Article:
Erasmus was the most famous humanist of the so-called “Northern Renaissance,” a man in touch with all leading princes and scholars of the time. Many consider him the central figure of the intellectual world of what, to my mind, was a pseudo-Renaissance (the real intellectual Renaissance would only begin with Montaigne). How could the “Northern Renaissance” be compared to the Italian Renaissance when its most emblematic intellectual, like Thomas à Kempis, was an Augustinian canon that took Pauline folly as a panegyric to Christian piety? Erasmus, who was deeply shocked before the pagan atmosphere of Julius II’s Rome, probably decided to publish Praise of Folly precisely to support the growing opposition to Julius in France. When the art of Michelangelo and Raphael were conquering the soul of Rome, Erasmus went as far as recommending a return to scripture and the so-called “Fathers”: Origen, Ambrose, Jerome and Augustine, and his Greek New Testament was in fact more feared by the Church than his Praise of Folly.

Do you remember the image that Clark chose to depict St Francis in a previous entry: Jacquemart de Hesdin’s The Fool? In Erasmus’ most famous book, women, “admittedly stupid and foolish creatures,” are Folly’s pride. Erasmus takes a surprisingly modern, “liberal” position about the role of women in society. Since Folly praises ignorance and lunacy, Erasmus reasons, women must be instrumental for the Christian cause. In his book Folly is only interested in following the example of Jesus, the exemplar of charitable simplicity against the budding intellectualism of the sixteenth century. The fact that Erasmus took St Paul’s “praise of folly” against the best minds St Paul encountered in Athens speaks for itself and needs no further comment.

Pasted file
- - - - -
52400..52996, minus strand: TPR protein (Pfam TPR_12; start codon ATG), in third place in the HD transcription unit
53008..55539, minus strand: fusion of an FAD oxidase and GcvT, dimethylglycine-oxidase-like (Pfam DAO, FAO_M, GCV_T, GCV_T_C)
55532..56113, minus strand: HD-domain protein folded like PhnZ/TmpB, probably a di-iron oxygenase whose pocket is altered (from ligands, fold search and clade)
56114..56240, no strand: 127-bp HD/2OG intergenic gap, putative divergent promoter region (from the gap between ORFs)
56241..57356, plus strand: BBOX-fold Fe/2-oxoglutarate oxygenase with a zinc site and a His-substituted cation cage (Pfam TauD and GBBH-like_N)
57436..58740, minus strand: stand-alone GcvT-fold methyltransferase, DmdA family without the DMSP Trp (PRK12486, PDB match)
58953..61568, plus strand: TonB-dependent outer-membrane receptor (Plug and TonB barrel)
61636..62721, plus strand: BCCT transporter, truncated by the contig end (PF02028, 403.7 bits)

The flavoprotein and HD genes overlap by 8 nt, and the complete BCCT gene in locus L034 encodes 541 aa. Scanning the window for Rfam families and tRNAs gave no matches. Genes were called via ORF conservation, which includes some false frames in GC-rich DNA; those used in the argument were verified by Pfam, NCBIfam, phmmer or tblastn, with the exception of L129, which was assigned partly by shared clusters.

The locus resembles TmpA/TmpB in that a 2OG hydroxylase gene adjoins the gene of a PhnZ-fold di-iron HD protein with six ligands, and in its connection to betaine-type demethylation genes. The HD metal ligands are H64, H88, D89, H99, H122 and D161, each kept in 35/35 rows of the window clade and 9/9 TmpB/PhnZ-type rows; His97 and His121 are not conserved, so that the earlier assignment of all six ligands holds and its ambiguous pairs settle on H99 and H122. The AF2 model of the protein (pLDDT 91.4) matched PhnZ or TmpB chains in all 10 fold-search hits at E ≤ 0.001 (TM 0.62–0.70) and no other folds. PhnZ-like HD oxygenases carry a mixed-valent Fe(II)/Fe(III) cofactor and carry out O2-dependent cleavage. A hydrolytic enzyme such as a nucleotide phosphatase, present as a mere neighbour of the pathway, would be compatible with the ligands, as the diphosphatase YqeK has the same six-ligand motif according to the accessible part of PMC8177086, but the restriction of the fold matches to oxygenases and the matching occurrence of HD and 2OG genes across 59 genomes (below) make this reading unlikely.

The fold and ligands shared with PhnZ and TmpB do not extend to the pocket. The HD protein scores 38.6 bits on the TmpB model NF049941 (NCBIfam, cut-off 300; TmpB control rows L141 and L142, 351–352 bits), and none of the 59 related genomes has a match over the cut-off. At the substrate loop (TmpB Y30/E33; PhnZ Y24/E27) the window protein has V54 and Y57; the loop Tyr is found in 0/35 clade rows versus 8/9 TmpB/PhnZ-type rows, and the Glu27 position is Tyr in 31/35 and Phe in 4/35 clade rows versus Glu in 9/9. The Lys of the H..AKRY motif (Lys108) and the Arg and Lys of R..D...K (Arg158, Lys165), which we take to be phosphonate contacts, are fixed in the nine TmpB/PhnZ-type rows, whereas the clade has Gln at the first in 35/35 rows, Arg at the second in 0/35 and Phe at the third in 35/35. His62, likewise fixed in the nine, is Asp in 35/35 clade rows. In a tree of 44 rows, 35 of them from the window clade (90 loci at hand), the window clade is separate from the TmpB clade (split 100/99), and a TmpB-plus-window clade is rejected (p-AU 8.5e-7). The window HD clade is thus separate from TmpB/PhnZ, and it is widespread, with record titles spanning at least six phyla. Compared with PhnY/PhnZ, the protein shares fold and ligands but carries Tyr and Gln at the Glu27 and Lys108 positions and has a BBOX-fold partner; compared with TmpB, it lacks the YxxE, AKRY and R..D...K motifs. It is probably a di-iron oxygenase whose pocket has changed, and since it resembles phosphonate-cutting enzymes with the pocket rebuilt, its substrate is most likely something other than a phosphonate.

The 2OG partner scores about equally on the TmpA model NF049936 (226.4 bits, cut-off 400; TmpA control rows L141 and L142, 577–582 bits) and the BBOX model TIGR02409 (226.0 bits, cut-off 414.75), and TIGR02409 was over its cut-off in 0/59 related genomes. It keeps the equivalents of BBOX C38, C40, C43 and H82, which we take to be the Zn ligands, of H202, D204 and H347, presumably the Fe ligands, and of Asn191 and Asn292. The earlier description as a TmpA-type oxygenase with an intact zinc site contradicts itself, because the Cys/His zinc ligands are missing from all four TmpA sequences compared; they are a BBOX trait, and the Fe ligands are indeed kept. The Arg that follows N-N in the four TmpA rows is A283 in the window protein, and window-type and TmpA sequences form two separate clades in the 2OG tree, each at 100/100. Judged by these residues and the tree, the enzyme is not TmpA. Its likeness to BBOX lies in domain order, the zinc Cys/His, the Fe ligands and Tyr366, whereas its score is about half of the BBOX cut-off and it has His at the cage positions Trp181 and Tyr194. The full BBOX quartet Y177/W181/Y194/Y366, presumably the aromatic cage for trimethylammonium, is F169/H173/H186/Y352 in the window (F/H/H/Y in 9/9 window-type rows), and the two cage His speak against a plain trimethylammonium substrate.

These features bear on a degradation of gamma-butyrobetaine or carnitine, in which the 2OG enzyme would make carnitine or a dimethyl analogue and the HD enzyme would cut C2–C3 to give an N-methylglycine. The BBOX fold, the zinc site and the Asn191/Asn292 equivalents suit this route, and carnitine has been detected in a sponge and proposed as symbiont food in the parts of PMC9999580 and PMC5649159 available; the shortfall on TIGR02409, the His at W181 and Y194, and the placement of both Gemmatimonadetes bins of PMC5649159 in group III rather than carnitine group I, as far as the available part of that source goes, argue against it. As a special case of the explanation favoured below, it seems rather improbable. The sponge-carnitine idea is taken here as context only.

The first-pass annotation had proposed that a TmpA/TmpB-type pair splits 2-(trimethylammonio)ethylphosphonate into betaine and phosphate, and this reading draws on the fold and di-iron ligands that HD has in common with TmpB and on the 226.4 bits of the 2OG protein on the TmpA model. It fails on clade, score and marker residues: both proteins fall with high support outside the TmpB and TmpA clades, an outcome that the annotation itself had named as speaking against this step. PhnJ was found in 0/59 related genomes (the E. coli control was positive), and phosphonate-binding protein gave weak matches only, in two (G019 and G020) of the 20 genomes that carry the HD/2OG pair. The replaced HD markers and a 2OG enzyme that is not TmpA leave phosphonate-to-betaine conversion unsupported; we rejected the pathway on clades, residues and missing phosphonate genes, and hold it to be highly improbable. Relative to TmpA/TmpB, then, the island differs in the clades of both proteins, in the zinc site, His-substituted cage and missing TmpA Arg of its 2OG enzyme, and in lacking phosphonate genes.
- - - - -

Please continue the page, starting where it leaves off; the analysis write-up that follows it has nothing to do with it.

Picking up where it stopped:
It doesn’t take a great intellectual effort to recognize that the so-called Northern Renaissance was set against the real Renaissance of Italy, which had fallen in love with our genuine, Greco-Roman roots. Erasmus et al’s “optimist” discussions around the subject of the predestination of both the elect and the damned represent a clear regression to the world of Dante of two hundred years before. How could Erasmus’ work that discusses whether or not a personal God “predestined” some of us to an eternity of torture be called “Renaissance” by any stretch of imagination? It is true that, in Erasmus’ century, the current theology was Pelagian rather than Augustinian, in the sense that we were supposed to be allowed to earn salvation by our own efforts. But this is altogether medieval, not modern, thinking.

To understand Erasmus one must remember the bestsellers of his time. The Pseudo-Gregorian Dialogues, composed in 680 C.E. and translated to all known vernaculars, reinforced in the faithful what priests used to call “a salutary fear of hell.” The book clearly implied that hell was eternal and that the soul, though spiritual, suffered physically from burning. Dante himself drew heavily from the Dialogues “and its influence on popular piety was greater that that of any other single work of piety in the history of western Christendom.”

See the above detail of Gruenwald’s painting, a blond girl praying. Visualize yourself one moment living under the sky of Erasmus’ age. Visualize yourself trapped in the Church dogma and struggling with the terrible discussion about whether the ancient Greeks could possibly be “justified”—a nasty Lutheran word inspired in Augustine—and thus saved.

For the so-called humanists of Erasmus’ time this dilemma was all too serious theological business, and they rationalized their wishes to save the “pagans” after the recent discoveries of Indian “souls” in America, who had no opportunity to receive the gospel through no fault of their own. That such doctrines represented a slight advance from Augustine’s “pessimism” (cf. Erasmus’ treatise against Luther, On Free Will and Luther’s reply, On Unfree Will) will never refute the fact that Erasmus and his ilk were chained in the trappings of medieval thought.